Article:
The Clutch Pedal

 

Every year it seems that an additional car model loses the manual transmission option. Even the Ford F-150 pickup truck can’t be purchased with a stick anymore.

The decline of the manual transmission (in the U.S.) has been decades in the making, but two factors are, ahem, accelerating its demise:

•Number one: Automatics are getting more efficient, with up to 10 gear ratios, allowing engines to run at the lowest, most economical speeds. Many Mazdas and some BMWs, among others, now score better fuel mileage with an automatic than with a stick.

 

•Number two: Among high-performance cars, such as Porsches, “automated” manual shifts are taking hold. They use electronics to control the clutch instead of your left foot. You can select the gears with paddles, or just let the computer take care of that, too. The result: The computer shifts faster than even the most talented clutch-and-stick driver, improving the cars' acceleration numbers. Plus, the costs on these are coming down, and they can now be found in less-expensive sporty cars, such as the Golf GTI.

Even the biggest of highway trucks are abandoning the clutch and stick for automatics, for fuel-efficiency gains and to attract drivers who won’t need to learn how to grind their way through 18-plus gears.

Some price-leader economy models, such as the Nissan Versa and Ford Fiesta, will list manuals on their cheapest configurations (though few will actually sell), and a segment of enthusiast cars, such as the Ford Mustang and Mazda Miata MX-5, will continue to offer the traditional three-pedal arrangement for some years to come. “It will be reserved for the ‘driver’s vehicle,’” says Ivan Drury, an analyst for Edmunds.com. But finding one will be a challenge — those holdout drivers had better be prepared to special-order their clutch cars.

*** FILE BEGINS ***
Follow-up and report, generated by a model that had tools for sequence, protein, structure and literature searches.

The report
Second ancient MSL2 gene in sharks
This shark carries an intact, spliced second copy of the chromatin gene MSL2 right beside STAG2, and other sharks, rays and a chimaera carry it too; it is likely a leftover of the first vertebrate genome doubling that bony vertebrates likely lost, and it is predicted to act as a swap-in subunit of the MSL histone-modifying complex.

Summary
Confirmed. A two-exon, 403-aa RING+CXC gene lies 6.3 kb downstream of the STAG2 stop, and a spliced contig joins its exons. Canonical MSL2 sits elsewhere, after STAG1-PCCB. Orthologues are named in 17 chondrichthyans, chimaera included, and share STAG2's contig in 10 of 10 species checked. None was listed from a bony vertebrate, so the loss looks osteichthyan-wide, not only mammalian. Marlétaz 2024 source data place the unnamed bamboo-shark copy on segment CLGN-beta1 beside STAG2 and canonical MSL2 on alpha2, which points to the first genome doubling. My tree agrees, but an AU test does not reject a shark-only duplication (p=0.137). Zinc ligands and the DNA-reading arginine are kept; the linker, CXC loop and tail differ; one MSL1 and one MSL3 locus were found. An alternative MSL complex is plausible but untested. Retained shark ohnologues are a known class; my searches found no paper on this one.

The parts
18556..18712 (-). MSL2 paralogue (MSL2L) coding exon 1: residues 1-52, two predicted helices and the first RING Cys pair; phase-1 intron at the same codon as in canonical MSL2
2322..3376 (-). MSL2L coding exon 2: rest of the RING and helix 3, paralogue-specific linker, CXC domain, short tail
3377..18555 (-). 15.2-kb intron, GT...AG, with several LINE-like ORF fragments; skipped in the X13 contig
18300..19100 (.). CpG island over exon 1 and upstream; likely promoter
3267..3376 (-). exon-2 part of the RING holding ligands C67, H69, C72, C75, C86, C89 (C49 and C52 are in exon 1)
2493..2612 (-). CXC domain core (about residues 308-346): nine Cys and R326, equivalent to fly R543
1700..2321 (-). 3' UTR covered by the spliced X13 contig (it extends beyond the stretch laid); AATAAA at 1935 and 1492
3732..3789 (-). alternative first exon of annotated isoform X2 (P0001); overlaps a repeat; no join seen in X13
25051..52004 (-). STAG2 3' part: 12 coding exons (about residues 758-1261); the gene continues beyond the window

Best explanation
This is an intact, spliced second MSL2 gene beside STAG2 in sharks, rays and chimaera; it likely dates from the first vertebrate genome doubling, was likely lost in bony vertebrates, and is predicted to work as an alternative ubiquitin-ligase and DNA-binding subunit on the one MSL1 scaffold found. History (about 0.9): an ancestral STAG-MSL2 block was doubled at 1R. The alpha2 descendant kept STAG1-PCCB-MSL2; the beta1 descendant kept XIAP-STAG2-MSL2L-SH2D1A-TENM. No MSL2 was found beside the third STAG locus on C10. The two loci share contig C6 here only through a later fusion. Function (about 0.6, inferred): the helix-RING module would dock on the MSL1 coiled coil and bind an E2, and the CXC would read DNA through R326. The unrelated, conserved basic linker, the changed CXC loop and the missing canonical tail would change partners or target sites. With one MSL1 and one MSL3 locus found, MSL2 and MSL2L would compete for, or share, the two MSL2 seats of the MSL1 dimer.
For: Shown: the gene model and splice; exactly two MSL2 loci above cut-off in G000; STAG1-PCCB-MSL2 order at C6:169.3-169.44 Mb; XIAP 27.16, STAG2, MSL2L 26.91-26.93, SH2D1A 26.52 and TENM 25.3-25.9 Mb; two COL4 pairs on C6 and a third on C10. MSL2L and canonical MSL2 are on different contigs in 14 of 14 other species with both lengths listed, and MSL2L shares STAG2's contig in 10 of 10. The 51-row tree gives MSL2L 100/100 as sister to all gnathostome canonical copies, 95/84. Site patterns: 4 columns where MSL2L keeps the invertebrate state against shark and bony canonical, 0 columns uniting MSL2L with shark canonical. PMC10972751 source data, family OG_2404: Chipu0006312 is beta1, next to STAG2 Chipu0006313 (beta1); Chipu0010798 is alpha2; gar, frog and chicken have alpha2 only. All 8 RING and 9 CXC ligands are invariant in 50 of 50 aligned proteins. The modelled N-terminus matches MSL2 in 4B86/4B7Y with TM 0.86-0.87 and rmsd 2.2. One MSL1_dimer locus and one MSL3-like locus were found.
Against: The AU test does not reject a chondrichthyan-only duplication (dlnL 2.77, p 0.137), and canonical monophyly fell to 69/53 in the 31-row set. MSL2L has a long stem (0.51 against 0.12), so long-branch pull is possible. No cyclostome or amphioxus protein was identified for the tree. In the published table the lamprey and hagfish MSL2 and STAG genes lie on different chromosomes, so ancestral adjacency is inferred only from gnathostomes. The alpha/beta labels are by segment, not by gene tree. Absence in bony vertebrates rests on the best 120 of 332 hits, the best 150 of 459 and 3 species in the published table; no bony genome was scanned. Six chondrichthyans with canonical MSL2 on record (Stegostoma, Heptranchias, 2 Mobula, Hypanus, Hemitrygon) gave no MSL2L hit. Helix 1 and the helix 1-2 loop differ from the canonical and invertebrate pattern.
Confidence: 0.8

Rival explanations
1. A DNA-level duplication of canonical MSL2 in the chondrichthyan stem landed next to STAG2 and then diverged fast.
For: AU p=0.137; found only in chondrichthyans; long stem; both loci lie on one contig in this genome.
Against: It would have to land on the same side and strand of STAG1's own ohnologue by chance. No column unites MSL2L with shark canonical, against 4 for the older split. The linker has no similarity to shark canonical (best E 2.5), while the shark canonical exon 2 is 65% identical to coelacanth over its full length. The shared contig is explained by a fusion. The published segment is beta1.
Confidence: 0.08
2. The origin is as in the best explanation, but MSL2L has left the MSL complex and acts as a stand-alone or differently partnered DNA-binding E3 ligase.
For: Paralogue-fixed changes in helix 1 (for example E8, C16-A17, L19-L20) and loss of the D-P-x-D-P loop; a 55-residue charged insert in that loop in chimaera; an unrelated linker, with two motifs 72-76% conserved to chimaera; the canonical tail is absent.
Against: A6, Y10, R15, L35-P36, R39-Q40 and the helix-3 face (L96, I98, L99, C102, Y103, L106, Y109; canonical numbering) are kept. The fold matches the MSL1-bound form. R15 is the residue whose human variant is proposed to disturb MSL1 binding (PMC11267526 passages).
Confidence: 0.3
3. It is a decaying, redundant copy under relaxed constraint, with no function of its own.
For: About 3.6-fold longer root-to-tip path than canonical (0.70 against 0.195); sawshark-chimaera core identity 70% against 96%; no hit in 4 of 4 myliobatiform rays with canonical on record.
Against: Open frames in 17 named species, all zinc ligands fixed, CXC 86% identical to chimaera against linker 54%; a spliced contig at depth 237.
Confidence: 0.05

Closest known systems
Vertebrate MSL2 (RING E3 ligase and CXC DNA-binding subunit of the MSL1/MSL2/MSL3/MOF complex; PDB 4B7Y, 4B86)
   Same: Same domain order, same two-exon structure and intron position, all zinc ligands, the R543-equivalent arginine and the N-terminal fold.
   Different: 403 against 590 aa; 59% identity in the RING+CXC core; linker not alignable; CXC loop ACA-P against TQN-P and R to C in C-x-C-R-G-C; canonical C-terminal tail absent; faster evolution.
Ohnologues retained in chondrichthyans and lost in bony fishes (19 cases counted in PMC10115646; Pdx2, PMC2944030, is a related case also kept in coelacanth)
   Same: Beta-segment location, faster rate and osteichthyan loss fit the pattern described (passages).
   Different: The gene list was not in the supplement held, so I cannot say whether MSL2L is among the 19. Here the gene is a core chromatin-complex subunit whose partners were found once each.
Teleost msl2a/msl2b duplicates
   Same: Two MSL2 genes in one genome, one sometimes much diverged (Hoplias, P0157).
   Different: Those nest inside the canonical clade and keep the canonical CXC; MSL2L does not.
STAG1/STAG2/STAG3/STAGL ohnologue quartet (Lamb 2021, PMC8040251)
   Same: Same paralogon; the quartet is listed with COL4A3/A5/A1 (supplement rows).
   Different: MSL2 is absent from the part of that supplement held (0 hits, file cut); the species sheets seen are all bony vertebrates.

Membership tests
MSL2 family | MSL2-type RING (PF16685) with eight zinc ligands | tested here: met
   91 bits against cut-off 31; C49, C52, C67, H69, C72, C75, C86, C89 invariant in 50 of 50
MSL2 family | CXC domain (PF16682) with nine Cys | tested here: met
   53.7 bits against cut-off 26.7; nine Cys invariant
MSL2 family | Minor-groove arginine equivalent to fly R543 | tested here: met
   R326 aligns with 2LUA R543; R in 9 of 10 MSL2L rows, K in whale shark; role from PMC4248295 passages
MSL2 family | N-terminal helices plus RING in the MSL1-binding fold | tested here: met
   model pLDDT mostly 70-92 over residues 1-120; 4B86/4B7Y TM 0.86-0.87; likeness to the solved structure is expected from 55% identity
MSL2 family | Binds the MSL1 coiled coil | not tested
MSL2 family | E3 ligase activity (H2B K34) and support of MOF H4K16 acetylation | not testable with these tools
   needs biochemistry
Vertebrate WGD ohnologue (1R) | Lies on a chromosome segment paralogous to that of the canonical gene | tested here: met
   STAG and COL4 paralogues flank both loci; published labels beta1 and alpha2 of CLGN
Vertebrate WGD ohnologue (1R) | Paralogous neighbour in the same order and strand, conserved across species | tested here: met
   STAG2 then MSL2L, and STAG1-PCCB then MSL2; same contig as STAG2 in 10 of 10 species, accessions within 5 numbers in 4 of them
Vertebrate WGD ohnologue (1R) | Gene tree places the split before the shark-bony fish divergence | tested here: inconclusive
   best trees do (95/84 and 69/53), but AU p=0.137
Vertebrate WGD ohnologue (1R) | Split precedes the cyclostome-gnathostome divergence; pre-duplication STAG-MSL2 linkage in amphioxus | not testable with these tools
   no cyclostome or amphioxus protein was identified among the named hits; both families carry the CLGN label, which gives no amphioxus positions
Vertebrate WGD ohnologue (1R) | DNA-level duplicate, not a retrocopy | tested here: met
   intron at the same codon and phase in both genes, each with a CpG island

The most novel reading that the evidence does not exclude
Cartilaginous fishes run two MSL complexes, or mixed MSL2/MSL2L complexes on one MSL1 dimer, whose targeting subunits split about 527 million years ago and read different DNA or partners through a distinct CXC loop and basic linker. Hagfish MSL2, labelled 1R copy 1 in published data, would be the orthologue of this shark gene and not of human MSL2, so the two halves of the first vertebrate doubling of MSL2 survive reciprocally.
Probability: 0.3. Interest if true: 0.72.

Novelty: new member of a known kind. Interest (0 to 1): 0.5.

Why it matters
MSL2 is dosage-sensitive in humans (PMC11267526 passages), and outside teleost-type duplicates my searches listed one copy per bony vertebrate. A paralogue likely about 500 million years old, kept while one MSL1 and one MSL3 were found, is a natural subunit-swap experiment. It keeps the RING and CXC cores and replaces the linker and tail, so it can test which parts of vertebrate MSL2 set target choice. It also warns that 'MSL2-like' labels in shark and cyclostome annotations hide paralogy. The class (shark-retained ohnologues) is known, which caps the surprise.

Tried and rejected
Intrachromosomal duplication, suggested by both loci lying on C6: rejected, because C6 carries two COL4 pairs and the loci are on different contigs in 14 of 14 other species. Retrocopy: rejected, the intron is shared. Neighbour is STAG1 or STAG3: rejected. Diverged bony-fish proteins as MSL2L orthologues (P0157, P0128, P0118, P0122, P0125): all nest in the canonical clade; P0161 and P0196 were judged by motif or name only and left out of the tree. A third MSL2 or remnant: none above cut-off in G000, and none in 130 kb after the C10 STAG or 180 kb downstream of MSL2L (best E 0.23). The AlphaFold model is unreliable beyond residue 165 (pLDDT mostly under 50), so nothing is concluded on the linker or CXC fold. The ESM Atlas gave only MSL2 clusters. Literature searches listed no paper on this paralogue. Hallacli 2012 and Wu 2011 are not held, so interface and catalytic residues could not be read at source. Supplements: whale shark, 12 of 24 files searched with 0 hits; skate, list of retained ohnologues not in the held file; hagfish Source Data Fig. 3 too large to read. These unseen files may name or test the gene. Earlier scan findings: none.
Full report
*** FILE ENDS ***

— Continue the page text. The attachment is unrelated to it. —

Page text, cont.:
College Textbooks

 

By the end of this decade, digital formats for tablets and e-readers will displace physical books for assigned reading on college campuses, The Kiplinger Letter is forecasting. K–12 schools won’t be far behind, though they’ll mostly stick with larger computers as their platform of choice.

Digital texts figure to yield more bang for the buck than today’s textbooks. Interactive software will test younger pupils’ mastery of basic skills such as arithmetic and create customized lesson plans based on their responses. Older students will be able to take digital notes and even simulate chemistry experiments when bricks-and-mortar labs aren’t handy.

This is a mixed bag for publishers. They’ll sell more digital licenses of semester- or yearlong usage of electronic textbooks as their customers can’t turn to the used-book marketplace anymore. On the other hand, schools are seeking free online, open-source databases of information and collaborating with other institutions and districts to develop their own content on digital models, cutting out traditional educational publishers such as Pearson (PSO), McGraw-Hill and Scholastic (SCHL).

 

Dial-Up Internet

 

If you want to hear the once-familiar beeps and whirs of a computer going online through a modem, you will soon need to do that either in a museum or in some very, very remote location.

According to a study from the Pew Foundation, only 3% of U.S. households went online via a dial-up connection in 2013. Thirteen years before that, only 3% had broadband (Today, 70% have home broadband). Massive federal spending on broadband initiatives, passed during the last recession to encourage economic recovery, has helped considerably.

Some providers will continue to offer dial-up as an afterthought for those who can’t or don’t want to connect via cable or another broadband means. But a number of the bigger internet service providers, such as Verizon Online, have quit signing up new dial-up subscribers altogether.